We got the most we could out of where she was at physically. We didn’t put things off, and we pushed the envelope a bit, like with the trip to California. It could have been a disaster (some might say that it was in some ways) but we made a point of having fun so it felt worthwhile, both at the time and afterward, even when it was being a challenge. The stress points eventually became good stories about an adventure and our self-confidence at being able to make things work grew.

We had fun together. That made us all happy. And, I believe, it made it easier when further changes were needed, because it built a trust that we wanted her to be happy and healthy and were not interested in clipping her wings just for the sake of it.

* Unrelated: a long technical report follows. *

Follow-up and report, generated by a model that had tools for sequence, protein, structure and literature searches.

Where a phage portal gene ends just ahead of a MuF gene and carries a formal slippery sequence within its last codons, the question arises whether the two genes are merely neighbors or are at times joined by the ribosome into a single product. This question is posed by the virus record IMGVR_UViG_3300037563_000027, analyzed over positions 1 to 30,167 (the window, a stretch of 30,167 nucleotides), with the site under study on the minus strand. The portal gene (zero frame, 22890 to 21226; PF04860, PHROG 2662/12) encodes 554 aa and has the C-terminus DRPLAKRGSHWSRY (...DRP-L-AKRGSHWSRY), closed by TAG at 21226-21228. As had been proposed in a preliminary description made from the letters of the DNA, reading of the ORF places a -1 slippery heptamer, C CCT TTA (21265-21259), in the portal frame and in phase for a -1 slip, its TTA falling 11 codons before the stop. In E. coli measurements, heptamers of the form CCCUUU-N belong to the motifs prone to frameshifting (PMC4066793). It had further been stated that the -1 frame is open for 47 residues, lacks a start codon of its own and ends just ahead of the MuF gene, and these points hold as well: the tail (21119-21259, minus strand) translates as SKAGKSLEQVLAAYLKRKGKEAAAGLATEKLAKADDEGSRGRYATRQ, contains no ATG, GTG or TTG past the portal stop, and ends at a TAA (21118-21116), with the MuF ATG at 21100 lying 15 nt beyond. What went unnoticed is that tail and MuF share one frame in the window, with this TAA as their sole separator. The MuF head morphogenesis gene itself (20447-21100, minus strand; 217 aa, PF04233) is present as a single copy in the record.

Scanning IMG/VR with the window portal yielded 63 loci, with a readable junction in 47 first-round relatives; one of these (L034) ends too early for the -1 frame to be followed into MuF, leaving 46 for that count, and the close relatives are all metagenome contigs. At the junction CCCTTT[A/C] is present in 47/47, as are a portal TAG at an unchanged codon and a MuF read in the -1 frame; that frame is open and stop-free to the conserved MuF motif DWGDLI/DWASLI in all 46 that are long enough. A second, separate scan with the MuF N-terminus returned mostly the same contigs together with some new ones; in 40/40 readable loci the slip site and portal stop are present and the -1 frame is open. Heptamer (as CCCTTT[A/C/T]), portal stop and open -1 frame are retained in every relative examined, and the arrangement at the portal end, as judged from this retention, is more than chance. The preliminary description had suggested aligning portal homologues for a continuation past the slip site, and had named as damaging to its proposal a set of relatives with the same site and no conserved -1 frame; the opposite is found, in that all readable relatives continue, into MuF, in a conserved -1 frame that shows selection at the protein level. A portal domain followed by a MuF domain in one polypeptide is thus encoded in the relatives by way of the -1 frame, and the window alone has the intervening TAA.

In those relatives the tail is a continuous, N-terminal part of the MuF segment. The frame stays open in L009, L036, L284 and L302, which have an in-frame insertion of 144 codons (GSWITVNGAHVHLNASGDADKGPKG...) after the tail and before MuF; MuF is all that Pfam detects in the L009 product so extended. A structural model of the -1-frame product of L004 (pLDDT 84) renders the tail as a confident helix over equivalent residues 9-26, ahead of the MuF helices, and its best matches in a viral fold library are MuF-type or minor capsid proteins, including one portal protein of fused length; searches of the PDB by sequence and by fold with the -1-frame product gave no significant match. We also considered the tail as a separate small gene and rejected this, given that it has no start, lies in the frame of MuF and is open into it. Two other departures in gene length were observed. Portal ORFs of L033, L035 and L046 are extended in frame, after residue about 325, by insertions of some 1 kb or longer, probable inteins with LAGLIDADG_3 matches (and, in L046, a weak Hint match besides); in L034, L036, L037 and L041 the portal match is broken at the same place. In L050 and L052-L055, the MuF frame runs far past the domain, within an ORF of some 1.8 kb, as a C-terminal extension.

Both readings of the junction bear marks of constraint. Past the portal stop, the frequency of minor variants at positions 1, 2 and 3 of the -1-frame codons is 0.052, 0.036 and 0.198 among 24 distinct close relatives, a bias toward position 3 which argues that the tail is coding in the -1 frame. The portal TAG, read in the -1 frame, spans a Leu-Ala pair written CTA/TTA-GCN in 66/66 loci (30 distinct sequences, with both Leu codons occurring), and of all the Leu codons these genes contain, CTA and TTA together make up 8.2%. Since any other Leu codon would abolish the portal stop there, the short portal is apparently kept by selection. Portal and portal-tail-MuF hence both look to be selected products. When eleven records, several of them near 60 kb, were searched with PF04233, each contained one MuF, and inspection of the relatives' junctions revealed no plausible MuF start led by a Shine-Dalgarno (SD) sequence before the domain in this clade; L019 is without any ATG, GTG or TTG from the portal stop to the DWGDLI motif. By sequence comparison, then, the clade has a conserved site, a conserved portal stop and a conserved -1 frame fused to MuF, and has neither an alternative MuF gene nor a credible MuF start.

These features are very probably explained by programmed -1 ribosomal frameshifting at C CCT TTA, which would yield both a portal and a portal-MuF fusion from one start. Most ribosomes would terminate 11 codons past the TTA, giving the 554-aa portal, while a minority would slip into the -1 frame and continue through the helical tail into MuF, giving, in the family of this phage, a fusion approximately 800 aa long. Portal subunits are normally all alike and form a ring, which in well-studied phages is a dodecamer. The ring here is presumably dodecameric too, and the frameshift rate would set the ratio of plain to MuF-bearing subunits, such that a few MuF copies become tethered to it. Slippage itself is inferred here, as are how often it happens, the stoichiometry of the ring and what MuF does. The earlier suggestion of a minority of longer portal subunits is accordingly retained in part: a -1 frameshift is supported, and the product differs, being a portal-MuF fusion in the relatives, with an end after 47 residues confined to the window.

Note: I am working on this series about Grandma this month for Nanopoblano. I don’t know where it will lead.

6 thoughts on “Carpe diem”

  1. What special memories you have captured. So what if you two got too sassy, how wonderful that you made such a contribution to her longevity and happiness in your fun times together, planning those special nights and all. Curious about that menu you planned. I’m sorry about the disappointment.

    Liked by 1 person

    1. Our menu varied depending on my energy level and mood. Grandma was diabetic (Type 2 controlled with oral medications and diet) so we went mostly for savory treats she wouldn’t get in the dining room: deviled eggs, homemade quiche (made with skim milk) with a whole wheat crust, sliced avacados and shrimp with a light thousand island dressing, meatballs, and so forth.

      Liked by 1 person